4.3 Bactericidal versus bacteriostatic antibiotics
While some antibiotic classes have consistent antibacterial effects, such as ß-lactams which are nearly always bactericidal, the activity of other classes may depend on the dose of antibiotic prescribed or how long the treatment lasts. For example, fluoroquinolones and aminoglycosides, while usually bactericidal, may be bacteriostatic when used at low concentration.
You should by now have a good idea of how antibiotics interact with bacterial cells. Activity 4 looks at what happens to the bacterial population as a whole when antibiotics are administered.
Activity 4 Effect of antibiotics on bacterial growth
In Week 1 you learned that bacteria are at their most susceptible to antibiotic attack when they are actively growing. In this activity you consider what happens to a bacterial culture when antibiotics are introduced during this exponential phase of growth.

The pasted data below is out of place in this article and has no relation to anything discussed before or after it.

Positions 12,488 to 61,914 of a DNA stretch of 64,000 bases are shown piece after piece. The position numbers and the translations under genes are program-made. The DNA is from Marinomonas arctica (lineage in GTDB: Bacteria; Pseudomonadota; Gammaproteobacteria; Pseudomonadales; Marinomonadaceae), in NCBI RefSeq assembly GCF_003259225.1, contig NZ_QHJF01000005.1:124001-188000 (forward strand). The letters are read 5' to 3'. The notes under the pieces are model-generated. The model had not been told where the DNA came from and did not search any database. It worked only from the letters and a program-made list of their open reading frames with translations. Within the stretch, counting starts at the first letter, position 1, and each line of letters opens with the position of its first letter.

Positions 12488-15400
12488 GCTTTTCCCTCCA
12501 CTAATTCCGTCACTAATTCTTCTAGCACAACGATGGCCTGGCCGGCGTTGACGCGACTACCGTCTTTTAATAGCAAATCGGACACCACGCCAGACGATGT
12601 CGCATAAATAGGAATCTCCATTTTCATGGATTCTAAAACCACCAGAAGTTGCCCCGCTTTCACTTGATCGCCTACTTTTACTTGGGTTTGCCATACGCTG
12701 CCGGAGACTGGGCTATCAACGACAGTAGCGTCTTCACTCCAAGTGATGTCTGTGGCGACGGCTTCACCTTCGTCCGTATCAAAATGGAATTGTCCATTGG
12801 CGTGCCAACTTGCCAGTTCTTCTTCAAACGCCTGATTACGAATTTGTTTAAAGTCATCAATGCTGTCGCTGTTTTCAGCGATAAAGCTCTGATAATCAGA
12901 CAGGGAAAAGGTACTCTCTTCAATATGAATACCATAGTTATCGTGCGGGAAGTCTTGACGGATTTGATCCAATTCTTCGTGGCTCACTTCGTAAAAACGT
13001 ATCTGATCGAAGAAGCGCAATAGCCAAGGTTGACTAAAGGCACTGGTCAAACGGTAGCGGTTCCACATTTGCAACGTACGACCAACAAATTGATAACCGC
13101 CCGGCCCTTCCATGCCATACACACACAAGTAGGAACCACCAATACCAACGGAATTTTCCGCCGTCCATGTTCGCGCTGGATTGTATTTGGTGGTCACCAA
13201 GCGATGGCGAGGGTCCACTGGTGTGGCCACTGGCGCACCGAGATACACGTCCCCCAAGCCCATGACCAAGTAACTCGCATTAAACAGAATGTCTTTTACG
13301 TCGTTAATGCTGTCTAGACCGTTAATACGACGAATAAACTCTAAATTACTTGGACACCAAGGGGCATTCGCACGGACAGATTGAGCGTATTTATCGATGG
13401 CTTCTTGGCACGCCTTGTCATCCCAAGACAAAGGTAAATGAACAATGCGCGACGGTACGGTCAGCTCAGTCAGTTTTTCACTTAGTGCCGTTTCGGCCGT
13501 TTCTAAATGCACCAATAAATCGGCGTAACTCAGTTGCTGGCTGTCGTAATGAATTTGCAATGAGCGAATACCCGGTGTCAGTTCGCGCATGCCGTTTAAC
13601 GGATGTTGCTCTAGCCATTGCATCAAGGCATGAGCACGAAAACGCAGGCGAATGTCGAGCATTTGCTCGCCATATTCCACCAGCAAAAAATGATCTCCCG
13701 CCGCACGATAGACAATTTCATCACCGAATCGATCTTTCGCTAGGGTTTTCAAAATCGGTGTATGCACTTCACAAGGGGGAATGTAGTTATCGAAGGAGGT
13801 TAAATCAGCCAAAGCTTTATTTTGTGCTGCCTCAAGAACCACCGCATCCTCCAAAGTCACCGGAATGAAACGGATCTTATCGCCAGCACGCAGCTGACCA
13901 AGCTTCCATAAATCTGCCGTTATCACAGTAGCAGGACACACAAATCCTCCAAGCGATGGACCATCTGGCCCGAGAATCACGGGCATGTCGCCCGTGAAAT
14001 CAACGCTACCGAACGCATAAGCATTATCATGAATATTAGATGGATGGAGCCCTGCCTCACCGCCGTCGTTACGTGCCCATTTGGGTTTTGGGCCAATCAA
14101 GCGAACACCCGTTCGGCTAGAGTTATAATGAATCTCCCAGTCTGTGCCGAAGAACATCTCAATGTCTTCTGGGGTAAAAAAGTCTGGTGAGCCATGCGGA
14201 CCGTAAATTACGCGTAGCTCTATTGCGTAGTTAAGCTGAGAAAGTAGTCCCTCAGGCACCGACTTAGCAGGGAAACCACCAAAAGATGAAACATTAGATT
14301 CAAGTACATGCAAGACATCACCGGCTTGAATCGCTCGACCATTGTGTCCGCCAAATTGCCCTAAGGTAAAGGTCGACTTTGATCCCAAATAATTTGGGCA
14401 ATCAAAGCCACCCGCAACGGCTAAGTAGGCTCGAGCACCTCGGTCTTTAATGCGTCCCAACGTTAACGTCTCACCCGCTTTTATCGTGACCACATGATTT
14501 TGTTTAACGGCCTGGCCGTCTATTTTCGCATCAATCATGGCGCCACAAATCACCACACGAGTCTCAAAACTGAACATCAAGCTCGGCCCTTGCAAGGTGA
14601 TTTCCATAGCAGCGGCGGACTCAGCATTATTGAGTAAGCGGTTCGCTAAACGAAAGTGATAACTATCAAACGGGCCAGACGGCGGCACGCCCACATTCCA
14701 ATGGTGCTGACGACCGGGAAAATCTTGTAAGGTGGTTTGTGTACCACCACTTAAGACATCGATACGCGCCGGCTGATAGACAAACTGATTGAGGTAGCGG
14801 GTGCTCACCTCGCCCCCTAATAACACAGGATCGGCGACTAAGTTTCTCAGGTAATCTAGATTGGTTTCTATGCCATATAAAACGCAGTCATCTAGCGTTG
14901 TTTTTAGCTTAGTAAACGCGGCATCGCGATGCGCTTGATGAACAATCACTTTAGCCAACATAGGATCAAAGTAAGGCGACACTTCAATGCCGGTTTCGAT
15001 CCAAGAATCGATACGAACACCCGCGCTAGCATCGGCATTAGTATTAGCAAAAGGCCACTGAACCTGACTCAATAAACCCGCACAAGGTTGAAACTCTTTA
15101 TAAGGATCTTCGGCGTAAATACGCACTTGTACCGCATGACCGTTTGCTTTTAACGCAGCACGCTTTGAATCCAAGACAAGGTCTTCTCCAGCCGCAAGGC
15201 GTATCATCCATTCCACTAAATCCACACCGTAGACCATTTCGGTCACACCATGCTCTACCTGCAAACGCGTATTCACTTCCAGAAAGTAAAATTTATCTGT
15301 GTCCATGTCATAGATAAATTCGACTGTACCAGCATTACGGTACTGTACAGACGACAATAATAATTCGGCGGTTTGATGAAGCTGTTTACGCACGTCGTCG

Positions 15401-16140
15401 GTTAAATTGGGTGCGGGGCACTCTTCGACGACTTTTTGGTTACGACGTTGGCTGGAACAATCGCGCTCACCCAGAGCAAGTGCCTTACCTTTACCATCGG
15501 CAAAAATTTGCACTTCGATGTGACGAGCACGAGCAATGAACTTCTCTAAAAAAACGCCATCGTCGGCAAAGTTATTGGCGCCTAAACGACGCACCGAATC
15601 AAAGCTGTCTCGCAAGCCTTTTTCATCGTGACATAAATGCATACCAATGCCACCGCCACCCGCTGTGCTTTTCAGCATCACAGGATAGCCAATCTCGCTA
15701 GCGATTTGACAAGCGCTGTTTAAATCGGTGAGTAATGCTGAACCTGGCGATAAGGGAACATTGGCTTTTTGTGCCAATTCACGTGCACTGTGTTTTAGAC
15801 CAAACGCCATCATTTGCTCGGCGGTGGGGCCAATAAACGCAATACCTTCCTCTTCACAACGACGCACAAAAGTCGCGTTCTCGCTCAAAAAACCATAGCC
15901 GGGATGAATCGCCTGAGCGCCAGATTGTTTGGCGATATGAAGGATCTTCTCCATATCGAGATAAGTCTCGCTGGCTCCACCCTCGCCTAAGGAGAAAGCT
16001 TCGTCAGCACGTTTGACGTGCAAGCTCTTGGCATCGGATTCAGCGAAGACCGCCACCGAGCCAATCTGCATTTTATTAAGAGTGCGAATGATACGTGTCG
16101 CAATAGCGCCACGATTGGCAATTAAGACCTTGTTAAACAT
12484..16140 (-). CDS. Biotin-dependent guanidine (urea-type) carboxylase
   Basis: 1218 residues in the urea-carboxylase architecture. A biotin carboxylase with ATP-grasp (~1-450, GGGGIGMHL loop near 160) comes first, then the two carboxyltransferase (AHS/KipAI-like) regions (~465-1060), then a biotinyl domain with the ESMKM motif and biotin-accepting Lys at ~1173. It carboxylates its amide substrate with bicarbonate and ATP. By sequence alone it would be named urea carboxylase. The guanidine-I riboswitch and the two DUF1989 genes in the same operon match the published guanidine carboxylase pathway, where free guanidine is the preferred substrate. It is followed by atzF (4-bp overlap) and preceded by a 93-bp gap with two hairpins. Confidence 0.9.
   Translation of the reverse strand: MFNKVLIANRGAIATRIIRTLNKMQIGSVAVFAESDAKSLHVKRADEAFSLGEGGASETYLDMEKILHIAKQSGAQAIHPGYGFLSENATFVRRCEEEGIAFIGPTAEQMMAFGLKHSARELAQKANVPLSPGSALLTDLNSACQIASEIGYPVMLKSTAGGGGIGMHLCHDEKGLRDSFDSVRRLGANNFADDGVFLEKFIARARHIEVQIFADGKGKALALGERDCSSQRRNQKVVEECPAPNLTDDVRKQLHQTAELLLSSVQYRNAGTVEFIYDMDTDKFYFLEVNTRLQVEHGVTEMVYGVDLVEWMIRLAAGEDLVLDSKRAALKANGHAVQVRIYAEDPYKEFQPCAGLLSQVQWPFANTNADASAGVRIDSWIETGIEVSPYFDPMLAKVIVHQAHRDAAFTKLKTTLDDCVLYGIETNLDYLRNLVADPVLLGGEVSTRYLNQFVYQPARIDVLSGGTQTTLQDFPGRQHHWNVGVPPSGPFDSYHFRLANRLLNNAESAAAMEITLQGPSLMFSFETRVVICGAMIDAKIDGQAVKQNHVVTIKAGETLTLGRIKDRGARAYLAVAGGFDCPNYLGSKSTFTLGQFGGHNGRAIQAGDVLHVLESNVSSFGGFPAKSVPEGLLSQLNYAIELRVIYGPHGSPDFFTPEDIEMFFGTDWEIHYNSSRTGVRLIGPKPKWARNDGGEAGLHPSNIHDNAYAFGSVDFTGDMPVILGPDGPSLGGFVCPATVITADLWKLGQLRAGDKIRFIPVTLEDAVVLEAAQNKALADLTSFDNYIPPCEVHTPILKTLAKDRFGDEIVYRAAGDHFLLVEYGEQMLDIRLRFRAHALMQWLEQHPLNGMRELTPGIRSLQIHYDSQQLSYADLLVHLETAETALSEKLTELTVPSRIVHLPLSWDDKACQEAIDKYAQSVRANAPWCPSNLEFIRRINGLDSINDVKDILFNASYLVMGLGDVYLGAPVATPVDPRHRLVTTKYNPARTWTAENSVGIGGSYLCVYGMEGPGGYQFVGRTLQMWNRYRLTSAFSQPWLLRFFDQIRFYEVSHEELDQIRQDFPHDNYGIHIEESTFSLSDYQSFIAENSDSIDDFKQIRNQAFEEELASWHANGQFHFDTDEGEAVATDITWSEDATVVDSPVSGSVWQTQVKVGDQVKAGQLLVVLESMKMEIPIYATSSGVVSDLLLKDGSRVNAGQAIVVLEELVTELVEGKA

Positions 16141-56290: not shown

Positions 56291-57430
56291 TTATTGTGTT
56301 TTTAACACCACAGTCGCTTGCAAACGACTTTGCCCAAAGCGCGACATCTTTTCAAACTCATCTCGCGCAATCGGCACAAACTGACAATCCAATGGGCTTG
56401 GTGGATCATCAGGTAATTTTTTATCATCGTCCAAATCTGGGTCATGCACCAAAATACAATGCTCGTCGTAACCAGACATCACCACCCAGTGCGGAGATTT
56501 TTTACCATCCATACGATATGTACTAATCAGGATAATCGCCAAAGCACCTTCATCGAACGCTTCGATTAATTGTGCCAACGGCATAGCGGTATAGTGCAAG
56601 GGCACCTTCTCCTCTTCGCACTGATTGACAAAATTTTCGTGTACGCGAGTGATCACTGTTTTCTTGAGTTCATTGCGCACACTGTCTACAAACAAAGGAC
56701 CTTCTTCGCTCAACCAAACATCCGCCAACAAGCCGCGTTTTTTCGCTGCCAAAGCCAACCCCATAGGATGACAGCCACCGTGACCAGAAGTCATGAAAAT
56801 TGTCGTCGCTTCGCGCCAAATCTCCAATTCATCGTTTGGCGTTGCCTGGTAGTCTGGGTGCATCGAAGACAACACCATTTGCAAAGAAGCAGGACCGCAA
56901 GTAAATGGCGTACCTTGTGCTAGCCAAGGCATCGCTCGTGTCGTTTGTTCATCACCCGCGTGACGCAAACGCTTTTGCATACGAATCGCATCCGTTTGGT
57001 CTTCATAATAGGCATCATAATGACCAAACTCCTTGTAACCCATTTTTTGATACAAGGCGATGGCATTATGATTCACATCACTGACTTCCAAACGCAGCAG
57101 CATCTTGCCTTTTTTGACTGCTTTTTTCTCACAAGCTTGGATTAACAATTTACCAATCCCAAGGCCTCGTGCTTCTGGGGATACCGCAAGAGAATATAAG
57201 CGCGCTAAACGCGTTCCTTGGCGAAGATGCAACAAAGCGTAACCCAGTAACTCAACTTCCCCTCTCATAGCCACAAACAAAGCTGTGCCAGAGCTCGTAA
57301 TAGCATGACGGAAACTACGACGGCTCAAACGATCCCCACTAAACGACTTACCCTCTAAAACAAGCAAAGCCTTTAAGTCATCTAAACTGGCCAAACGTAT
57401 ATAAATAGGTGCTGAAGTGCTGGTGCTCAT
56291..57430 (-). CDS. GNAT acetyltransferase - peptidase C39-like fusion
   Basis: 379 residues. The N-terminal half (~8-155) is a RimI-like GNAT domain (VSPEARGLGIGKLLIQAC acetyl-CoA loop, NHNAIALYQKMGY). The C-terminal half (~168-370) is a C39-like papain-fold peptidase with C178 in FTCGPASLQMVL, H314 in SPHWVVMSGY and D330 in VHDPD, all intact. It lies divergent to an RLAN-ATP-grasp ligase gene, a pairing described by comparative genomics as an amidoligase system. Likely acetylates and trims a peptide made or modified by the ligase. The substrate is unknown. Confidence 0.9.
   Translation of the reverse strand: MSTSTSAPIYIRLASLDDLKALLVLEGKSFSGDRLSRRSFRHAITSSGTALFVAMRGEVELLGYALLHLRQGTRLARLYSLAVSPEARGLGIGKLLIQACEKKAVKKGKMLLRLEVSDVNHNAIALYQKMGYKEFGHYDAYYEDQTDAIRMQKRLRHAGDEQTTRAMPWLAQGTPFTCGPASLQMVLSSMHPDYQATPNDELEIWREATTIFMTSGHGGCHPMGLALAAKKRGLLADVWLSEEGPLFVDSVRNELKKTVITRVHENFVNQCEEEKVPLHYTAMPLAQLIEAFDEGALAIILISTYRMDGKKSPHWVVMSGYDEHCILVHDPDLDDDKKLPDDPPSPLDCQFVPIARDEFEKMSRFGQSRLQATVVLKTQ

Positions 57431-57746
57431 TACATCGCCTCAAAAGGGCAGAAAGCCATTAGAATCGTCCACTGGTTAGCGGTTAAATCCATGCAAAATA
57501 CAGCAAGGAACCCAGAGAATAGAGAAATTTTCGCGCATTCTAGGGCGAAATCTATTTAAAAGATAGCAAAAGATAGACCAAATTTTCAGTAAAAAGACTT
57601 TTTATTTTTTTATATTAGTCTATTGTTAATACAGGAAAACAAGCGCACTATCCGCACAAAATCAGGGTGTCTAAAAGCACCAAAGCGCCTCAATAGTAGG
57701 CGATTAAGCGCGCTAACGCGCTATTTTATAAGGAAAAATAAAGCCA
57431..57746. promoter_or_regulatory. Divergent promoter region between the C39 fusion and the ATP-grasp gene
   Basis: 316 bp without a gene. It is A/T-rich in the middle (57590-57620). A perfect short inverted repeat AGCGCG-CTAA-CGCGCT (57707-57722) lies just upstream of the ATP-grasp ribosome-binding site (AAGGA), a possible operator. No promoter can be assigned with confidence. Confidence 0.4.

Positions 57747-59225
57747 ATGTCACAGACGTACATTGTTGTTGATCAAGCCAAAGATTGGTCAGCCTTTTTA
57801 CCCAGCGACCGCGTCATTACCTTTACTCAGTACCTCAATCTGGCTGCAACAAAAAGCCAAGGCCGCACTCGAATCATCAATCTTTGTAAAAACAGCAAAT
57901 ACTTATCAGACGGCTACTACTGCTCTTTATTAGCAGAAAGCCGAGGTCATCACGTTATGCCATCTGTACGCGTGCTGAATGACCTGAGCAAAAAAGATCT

(a) Figure 11a shows the normal growth curve of a bacterium which is sensitive to the bacteriostatic antibiotic ‘A’. Explain what you would expect to happen to the rate of bacterial growth when A is added to the culture in high concentration. You should assume that growth conditions are otherwise optimal.
(b) Predict what will happen to bacterial growth if antibiotic A is removed from the culture at the point indicated on the graph.
Figure 12a shows the normal growth curve of a bacterium which is sensitive to the bactericidal antibiotic ‘B’. Explain what you would expect to happen to the rate of bacterial growth when B is added to the culture in high concentration. You should assume that growth conditions are otherwise optimal.
Bactericidal antibiotics kill susceptible bacteria during the exponential phase of growth and cure the infection.
Bacteriostatic antibiotics stop bacterial growth even though the cells remain viable. This allows time for the host’s immune system to be activated and target the bacterial pathogen – again effecting a cure.